Date of Award


Degree Type


Degree Name

Doctor of Philosophy (PhD)

Graduate Group

Applied Economics

First Advisor

George Mailath


Asymmetric information can impede socially efficient trade in bilateral transactions. This dissertation consists of three essays that address how informational inefficiencies can be resolved in three different settings. These approaches to resolve the informational inefficiencies can help explain many characteristics of real estate markets, mergers and acquisitions, OTC markets, etc.

The first chapter considers the two-person bargaining problem under asymmetric information as in Myerson and Satterthwaite (1983). The famous Myerson and Satterthwaite's theorem shows that direct bilateral bargaining is generally inefficient. We show that an informed broker, acting as an intermediary between a buyer and seller, can achieve efficient trade. We provide a sufficient condition on the broker's information to achieve an efficient outcome. In the broker's optimal mechanism, while a more informed broker extracts a higher surplus, trade is still more efficient; consequently, the buyer and seller can be better off trading with a more informed broker.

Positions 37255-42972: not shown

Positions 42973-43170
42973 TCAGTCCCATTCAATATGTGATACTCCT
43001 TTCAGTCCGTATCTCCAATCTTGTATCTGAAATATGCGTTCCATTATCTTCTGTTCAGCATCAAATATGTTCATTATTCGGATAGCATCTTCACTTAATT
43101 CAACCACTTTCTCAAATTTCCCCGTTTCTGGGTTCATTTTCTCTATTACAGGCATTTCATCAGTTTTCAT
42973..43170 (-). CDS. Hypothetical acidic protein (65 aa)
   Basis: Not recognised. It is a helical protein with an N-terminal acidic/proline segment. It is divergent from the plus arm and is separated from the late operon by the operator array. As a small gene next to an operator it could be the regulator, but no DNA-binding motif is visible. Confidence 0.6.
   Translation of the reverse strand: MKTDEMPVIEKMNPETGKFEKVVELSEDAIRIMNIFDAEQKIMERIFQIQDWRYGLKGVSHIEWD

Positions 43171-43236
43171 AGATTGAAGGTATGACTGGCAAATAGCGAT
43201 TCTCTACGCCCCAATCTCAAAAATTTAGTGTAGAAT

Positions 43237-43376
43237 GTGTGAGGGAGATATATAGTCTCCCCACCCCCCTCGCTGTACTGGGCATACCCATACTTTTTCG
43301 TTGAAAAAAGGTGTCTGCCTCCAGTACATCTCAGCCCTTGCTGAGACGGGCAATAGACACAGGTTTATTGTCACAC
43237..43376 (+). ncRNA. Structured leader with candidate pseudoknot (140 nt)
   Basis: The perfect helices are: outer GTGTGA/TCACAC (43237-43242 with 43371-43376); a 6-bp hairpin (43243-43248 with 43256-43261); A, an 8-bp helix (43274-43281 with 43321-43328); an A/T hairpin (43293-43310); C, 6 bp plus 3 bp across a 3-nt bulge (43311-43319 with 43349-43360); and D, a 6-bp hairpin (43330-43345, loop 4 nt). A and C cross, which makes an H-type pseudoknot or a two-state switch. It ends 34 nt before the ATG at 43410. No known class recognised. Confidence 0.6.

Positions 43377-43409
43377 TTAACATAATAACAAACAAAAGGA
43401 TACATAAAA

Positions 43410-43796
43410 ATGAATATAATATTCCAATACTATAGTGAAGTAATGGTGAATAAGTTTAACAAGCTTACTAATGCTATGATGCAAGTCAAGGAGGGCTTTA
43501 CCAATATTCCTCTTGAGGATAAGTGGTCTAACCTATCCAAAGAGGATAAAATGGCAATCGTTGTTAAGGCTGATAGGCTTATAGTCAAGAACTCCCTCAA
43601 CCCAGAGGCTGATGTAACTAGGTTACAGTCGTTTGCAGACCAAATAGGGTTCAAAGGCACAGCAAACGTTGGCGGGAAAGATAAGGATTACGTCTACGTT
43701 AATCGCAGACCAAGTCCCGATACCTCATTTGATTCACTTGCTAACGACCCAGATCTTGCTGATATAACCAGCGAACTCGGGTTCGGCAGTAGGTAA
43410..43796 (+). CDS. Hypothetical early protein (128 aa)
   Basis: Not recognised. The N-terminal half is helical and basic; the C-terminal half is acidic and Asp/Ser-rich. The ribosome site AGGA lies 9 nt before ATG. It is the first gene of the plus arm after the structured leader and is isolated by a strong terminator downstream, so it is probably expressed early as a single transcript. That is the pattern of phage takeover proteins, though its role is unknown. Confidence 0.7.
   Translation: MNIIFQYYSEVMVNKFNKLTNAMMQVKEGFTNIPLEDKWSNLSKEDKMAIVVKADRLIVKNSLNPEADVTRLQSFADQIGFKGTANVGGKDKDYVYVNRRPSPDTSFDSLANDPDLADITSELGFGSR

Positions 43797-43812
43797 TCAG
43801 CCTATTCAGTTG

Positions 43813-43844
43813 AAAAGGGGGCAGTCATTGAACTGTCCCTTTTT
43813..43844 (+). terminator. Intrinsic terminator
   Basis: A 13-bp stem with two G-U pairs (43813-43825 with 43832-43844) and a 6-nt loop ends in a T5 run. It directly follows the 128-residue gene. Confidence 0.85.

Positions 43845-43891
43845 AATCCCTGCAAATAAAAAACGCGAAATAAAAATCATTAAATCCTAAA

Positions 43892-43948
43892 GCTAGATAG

In the second chapter, co-authored with Vincent Glode and Christian Opp, we analyze optimal voluntary disclosure by a privately informed buyer who faces a seller endowed with market power in a bilateral transaction. While disclosures reduce the buyer's informational advantage, they may increase his ex ante information rents by mitigating the seller's incentives to resort to inefficient screening. We show that when disclosures are restricted to be ex post verifiable, the buyer always finds it optimal to design a partial disclosure plan that implements socially efficient trade in equilibrium.

In the third chapter, co-authored with Vincent Glode and Christian Opp, we consider the limiting result of Glode and Opp (2016). We show that, generically, if efficient trade can be implemented by an incentive-compatible mechanism in direct bilateral trading, it can also be achieved in a sequential trading game with a sufficiently long chain of heterogeneously informed intermediaries.